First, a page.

In the late 1960s and early 1970s, when I visited my younger brother in Washington, we got together for large political demonstrations or marches--occasionally followed by tear gas, running through the streets and jail.
This fall I visited the East Coast once again. There were banners and buttons, but this time they had my brother's name on them. He was a candidate for the legislature in a state that still calls its lower house by an archaic name from Revolutionary times. Maryland's House of Delegates was already in session when Father Junipero Serra was founding missions in California. Compared to the $500,000 spent on an average legislative campaign these days in California, my brother's budget was only $20,000.
I came to the campaign as a late-innings volunteer--a foot soldier. It was something of a role reversal of our younger years, when this little kid used to follow me around, and I couldn't be bothered.
Among other tasks, I worked the phone bank for several nights, making those annoying calls that always seem to come at dinner time or during a favorite television program, explaining what a great guy The Candidate is. On Election Day I drove people to the polls.
If your last name is not a particularly common one, and ours is not, it comes as a small shock to see it in large type on so many posters and bumper stickers. And, if you bear any resemblance to the picture on the literature, as I do, it is a little odd to be mistaken for The Candidate when handing out his material at a supermarket.
We are alike in many ways and different in others. He has the advantage in height and waistline; I have him on hairline, so far. Along the walls of his basement, where I camped on the floor during the final days of the campaign, were the passionate and hard-edged books of our college years. Above them were photos of us together--in long hair, headbands and baggy blue jeans--next to political posters of more recent vintage. Not surprisingly, the setting and the circumstances provoked some retrospective musing.
In his touching, affecting novel of sibling rivalry, "Second Brother," David Guy writes: "I think the first son . . . bears the burdens and hopes and responsibilities of the family, that he meets life head on, develops earlier than the other children."
Because of the three-year age difference between us, and my parents' decision to send my brother to a private, Quaker high school, we never really competed directly. Yet even in late adolescence, I felt our parents' expectations of my brother were not equal to those they had of me, and I thought this unfair to him. He far surpassed me as an athlete and his academic record at college and later at graduate school was demonstrably better than my own. His relationships with women were more honest and principled than mine.
It was not until our college years, when we got together for demonstrations, that we began to know one another as adults. Later we lived--not together--in the same Southern city where I went to school and settled, and I was pleased to see among his friends a number of people I liked but who couldn't stand me.
Sometime after graduation we made different choices: He does; I describe. Successful on my own terms, I always admired what he did. I wished for the same dedication and sense of purpose. As a teacher, coach, activist and organizer in a working-class community, his work seemed more consistent with our earlier ideals.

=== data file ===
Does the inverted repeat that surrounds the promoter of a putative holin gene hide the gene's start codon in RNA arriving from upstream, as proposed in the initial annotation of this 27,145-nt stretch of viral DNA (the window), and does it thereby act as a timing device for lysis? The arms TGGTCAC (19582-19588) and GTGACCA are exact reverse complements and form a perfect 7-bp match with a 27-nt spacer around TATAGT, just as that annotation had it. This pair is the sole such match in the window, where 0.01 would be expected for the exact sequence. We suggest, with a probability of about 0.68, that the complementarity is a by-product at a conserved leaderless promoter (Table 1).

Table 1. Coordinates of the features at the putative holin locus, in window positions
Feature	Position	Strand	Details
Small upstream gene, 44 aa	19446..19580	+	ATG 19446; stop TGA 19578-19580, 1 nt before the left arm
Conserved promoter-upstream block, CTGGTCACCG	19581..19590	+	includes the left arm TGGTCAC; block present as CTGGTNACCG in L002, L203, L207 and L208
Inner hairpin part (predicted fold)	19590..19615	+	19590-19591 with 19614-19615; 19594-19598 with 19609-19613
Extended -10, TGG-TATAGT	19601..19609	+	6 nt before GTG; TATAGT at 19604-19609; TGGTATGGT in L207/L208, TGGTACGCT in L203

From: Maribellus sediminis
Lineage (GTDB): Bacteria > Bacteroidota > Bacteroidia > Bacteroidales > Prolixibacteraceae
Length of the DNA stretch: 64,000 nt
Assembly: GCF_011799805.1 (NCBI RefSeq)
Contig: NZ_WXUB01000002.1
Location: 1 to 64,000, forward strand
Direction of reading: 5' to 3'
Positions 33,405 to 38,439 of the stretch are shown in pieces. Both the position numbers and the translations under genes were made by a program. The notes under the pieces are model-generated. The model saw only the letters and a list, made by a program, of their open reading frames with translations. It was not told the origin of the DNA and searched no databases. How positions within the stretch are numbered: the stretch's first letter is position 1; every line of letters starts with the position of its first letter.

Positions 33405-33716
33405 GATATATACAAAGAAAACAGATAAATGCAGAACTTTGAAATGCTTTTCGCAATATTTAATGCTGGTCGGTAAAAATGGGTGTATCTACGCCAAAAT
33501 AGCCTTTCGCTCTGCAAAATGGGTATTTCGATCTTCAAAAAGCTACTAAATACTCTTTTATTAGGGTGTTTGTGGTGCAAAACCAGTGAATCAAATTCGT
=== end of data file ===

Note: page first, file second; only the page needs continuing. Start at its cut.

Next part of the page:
In his legislative district, where the primary is everything, my brother was challenging a slate of party regulars. At the outset, the odds were not in his favor: Voters were overwhelmingly Catholic and anti-abortion; he is Jewish and pro-choice. To be sure, his campaign literature was slick and professional. And to his credit, while the inflammatory rhetoric of 15 years ago was gone, the underlying social issues and economic concerns remained clear and constant. Nobody could accuse him of selling out.
As a reporter, I've covered and accurately handicapped U.S. Senate races in two states and half a dozen congressional contests, often spending less time on those scenes than I did in September working for my brother. Yet on the day of the primary election I had no inkling of his chances. All day long, he said he was going to win. A victory party, called by that name, was scheduled for the house and food was ordered.
At the Polls
My main task on Election Day was to pass out literature at one of the polls and to be my brother's official representative when the machines were opened and the results announced. My heart sank that night as I recorded the totals and sped to his house to report. I felt I had let him down, but when I told him the results from "my" precinct, he said not to worry. And he was right.
He concluded his victory statement with a familiar quote from the abolitionist Frederick Douglass: "If there is no struggle, there is no progress. . . . Power concedes nothing without a demand. It never did and it never will."
I was happy and proud as his margin widened. Still, it was startling to see the admiration reflected in the eyes of his supporters, especially colleagues from the teachers' association he heads. When, exactly, did this essentially shy person become known as someone not afraid to speak truth to power? When did the stubbornness that used to bother me so much become tenacity, uncompromising integrity?
My brother, Paul, won the general election Tuesday. He has done well, and I am proud, unambiguously.